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“Is it possible !" exclaimed Evelyn.

Yes, very possible, and this is far from being a solitary instance. And yet these people would not say they were proud. They would argue, Can we be proud who do not care how old and shabby our dress is, who are on as friendly a footing with this poor starving man and his family, as with many richer and more-thought-of people among our acquaintances ?' Beware of this sort of pride, Evelyn! it is the most dangerous, the most insinuating, the most plausible of all."

Indeed, Georgy, I will try to guard against it. It frightens me when I hear of these things. How shall I ever keep straight ?"

“I must remind you again of your rudder, Evy. If you do not neglect that, it must keep you straight."

“ Is there anything else you were going to caution me against ?"

“I was going to warn you, dearest, not to learn to set an undue value upon society and fashionnot to exalt them above other and more important considerations. Oh! Evy, these things are of so little importance in reality, and so dangerous to those who think too much of them.”

“Miss Templeman has been very right about that, Georgy. I am sure she has done her best to make us value higher things." “ Yes, and I hope

we shall carry out her training. She has been a real friend to us, and I feel as if I were parting with an aunt instead of a school. mistress. But now it is getting late, and you have to be up early to-morrow. Good night, dearest Evelyn, will you wear this ring in remembrance of our friendship, and these four happy years ?” Georgina passed a simple hair ring on her finger, and putting her arms round her, and imprinting one long kiss on her forehead, left the room.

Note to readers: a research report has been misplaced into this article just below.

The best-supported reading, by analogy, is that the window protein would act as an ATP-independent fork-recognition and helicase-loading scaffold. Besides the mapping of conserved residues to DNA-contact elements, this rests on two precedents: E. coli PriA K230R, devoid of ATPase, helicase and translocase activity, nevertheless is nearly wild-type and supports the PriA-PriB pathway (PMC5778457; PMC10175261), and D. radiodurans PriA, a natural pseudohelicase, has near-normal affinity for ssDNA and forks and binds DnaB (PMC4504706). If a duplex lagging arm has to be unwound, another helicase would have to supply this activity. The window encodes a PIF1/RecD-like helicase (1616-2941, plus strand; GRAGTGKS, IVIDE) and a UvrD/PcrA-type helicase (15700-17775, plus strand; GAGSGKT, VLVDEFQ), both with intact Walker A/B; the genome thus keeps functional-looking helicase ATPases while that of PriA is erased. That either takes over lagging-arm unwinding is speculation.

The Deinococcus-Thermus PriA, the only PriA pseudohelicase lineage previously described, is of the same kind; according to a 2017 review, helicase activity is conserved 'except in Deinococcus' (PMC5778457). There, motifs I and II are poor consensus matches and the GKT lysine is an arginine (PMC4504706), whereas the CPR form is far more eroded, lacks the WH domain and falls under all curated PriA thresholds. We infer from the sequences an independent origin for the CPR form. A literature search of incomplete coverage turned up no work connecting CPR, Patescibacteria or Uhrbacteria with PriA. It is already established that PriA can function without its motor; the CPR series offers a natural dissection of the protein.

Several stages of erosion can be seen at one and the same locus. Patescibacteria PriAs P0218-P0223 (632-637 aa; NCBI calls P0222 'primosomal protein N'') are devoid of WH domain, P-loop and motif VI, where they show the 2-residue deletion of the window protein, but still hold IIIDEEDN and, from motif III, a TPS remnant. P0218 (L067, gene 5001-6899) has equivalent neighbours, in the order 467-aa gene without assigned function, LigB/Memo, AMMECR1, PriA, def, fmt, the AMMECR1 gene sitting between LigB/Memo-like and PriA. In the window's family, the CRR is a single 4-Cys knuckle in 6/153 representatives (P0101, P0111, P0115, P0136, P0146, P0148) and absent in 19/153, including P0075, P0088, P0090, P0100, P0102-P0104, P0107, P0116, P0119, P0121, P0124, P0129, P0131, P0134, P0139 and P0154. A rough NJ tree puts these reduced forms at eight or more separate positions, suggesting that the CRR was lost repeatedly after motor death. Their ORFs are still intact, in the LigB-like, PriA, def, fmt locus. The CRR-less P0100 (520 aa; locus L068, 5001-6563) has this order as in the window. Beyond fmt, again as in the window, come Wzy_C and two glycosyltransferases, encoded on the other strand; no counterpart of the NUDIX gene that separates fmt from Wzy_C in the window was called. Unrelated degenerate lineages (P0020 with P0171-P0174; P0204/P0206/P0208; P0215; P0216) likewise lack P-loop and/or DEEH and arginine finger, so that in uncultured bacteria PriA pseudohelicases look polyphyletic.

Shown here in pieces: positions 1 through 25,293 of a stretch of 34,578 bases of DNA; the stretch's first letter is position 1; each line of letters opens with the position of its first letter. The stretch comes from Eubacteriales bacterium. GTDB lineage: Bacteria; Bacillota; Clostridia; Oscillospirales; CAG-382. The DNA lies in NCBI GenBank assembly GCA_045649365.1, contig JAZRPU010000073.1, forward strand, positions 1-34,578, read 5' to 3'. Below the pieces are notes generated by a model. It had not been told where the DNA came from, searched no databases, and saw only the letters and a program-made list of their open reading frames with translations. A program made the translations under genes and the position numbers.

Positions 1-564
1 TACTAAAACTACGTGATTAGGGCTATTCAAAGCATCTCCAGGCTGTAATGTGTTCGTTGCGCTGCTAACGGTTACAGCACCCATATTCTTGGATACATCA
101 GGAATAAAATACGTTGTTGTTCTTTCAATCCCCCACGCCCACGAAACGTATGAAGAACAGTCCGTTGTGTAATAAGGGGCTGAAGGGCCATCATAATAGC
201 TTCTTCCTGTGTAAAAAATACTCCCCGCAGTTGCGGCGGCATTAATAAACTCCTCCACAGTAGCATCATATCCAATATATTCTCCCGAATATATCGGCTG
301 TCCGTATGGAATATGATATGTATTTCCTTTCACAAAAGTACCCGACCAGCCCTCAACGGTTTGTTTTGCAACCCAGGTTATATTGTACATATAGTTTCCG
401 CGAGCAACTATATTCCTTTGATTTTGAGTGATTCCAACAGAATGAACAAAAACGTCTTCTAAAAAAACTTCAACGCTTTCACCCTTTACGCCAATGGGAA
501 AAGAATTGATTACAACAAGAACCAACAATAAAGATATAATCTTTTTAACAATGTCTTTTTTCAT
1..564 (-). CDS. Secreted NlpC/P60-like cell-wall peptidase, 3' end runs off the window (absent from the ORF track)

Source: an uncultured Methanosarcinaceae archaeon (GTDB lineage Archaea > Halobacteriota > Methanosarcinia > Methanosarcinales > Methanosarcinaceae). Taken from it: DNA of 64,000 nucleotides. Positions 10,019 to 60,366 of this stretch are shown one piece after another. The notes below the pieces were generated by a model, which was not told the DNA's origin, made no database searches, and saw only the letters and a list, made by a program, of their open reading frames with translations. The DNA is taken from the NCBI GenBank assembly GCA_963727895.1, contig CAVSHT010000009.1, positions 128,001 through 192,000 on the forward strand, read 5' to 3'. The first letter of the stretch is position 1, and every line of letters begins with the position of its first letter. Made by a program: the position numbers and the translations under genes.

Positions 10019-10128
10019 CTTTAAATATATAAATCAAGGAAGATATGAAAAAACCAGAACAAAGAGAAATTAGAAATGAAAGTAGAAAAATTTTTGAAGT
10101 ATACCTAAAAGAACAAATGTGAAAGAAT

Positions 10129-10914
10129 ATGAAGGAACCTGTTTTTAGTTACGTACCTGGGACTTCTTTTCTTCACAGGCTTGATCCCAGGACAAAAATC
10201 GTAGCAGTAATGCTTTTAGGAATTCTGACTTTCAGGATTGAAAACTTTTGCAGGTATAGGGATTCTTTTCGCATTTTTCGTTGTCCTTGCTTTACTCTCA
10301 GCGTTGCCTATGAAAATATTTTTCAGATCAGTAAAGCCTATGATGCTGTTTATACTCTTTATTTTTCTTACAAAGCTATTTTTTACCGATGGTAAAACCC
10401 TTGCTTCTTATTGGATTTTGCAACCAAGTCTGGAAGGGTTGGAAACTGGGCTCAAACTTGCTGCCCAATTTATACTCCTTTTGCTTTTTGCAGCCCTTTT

Evelyn Falconer was the youngest child of a gentleman of considerable property in one of the midland counties of England. She had two brothers and as many sisters, and when at the age of thirteen, Mrs. Falconer had found great difficulty in replacing the governess who then left them to be married, she decided on sending Evelyn to school and taking her two eldest daughters into society. It was arranged that Evelyn should come home for six weeks every winter and summer, but when the first holidays came, her sisters were suffering from the hooping cough, and it was thought wise for Evelyn to spend them with an aunt who resided a short distance from Redbourn, where she was at school, and this arrangement was found to save so much trouble and expense, and Mrs. Layton was so glad to have her niece with her, that it was settled that she should spend all her holidays with her aunt, until the time came that she was to leave school altogether.